Onscreen sex has been getting more and more explicit for years in any case, and not just in foreign movies – think of Michael Winterbottom’s Nine Songs, or the English-speaking Intimacy – but at least in all of these cases, it’s a long way from Hollywood sex, that glossy, soft-focus, blue-filtered, slo-mo pantomime. The sex in Blue Is The Warmest Colour is corporeal, and sweaty, and urgent. There’s no saxophone, is what I’m trying to say. The Hollywood kind is way more embarrassing. I’m not a lesbian, and I have never seen real lesbian sex, so I’ve no idea if lesbians smack each others’ arses as much as the couple of Blue Is The Warmest Colour, but it seemed a little excessive.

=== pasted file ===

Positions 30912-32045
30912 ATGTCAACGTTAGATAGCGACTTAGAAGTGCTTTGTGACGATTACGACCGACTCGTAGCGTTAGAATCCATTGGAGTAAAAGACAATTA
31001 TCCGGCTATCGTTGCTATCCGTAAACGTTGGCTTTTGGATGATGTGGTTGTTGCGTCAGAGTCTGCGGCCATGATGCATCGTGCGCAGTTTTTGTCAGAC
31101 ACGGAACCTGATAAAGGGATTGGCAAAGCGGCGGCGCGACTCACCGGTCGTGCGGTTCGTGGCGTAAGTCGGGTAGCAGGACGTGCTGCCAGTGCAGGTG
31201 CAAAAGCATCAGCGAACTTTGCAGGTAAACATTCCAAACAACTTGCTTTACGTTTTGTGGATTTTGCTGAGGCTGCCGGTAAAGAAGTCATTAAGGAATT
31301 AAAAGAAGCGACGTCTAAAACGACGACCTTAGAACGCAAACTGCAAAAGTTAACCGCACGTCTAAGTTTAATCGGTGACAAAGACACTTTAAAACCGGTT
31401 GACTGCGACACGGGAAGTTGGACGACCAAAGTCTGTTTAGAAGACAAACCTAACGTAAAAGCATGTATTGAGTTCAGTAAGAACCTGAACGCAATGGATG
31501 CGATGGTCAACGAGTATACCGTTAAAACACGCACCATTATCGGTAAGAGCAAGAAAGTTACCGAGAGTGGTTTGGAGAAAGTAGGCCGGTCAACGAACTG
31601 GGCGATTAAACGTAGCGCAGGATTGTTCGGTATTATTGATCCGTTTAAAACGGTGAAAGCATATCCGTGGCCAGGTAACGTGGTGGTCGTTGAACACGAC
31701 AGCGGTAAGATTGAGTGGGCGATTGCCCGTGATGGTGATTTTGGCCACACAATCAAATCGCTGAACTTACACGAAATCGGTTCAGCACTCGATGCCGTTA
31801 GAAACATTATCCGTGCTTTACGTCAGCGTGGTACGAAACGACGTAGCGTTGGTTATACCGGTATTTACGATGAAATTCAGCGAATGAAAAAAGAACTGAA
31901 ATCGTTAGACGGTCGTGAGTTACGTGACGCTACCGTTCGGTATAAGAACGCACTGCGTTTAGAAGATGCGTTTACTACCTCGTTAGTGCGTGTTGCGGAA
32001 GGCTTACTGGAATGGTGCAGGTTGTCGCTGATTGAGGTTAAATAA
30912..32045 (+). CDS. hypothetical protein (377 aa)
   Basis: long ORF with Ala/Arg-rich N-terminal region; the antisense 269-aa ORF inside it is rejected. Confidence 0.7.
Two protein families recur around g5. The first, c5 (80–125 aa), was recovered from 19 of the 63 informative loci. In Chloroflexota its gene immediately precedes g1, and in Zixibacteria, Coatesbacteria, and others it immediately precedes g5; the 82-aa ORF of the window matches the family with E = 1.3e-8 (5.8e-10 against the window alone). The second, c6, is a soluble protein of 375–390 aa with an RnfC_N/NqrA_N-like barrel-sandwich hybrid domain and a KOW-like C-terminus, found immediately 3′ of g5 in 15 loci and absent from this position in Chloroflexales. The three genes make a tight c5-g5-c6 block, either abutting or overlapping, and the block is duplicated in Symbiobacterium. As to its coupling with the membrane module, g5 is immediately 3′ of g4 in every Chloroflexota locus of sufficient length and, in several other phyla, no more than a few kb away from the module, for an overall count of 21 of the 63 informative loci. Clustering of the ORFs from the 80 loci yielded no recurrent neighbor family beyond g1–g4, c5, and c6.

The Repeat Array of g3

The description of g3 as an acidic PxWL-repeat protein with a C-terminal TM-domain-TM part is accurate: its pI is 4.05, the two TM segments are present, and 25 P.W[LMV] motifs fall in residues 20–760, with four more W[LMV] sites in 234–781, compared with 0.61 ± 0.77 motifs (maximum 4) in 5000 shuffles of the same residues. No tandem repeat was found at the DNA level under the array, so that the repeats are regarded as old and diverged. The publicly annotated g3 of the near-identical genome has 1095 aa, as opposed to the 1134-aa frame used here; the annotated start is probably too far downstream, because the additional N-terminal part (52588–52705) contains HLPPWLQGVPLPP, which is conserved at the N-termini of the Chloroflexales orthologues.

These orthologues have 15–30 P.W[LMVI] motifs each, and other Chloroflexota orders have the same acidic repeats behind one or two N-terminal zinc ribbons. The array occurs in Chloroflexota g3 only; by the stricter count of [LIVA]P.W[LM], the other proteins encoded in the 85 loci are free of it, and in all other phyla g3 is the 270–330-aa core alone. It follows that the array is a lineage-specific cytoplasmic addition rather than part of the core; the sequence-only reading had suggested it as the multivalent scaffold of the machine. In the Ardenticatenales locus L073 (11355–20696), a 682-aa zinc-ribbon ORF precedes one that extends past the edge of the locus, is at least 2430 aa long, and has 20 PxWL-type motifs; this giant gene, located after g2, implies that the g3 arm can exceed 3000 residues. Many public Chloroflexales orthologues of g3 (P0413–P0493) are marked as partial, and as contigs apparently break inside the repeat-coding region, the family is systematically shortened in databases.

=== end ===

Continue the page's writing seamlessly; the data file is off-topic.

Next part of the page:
Moving on from those ten minutes to the other 169 minutes, what’s compelling and moving about the film is the acting. The two leads are definitely fearless for those ten minutes – especially as we know that scene took days to shoot – and deserve our respect and admiration. But the emotional ups and downs are even more demanding, and both, but especially Exarchopoulos (only 19 at the time), rise to the challenge. Utterly convincing. Kechiche’s technique of always framing their faces so they fill the screen, gives us access to some very clever acting. Adele changes a lot over the course of the story, as she has further to grow up, and she effects these changes subtly; she leaves school, takes a job as a classroom assistant, then teaches “first-graders”, and you can see her maturing as this takes place.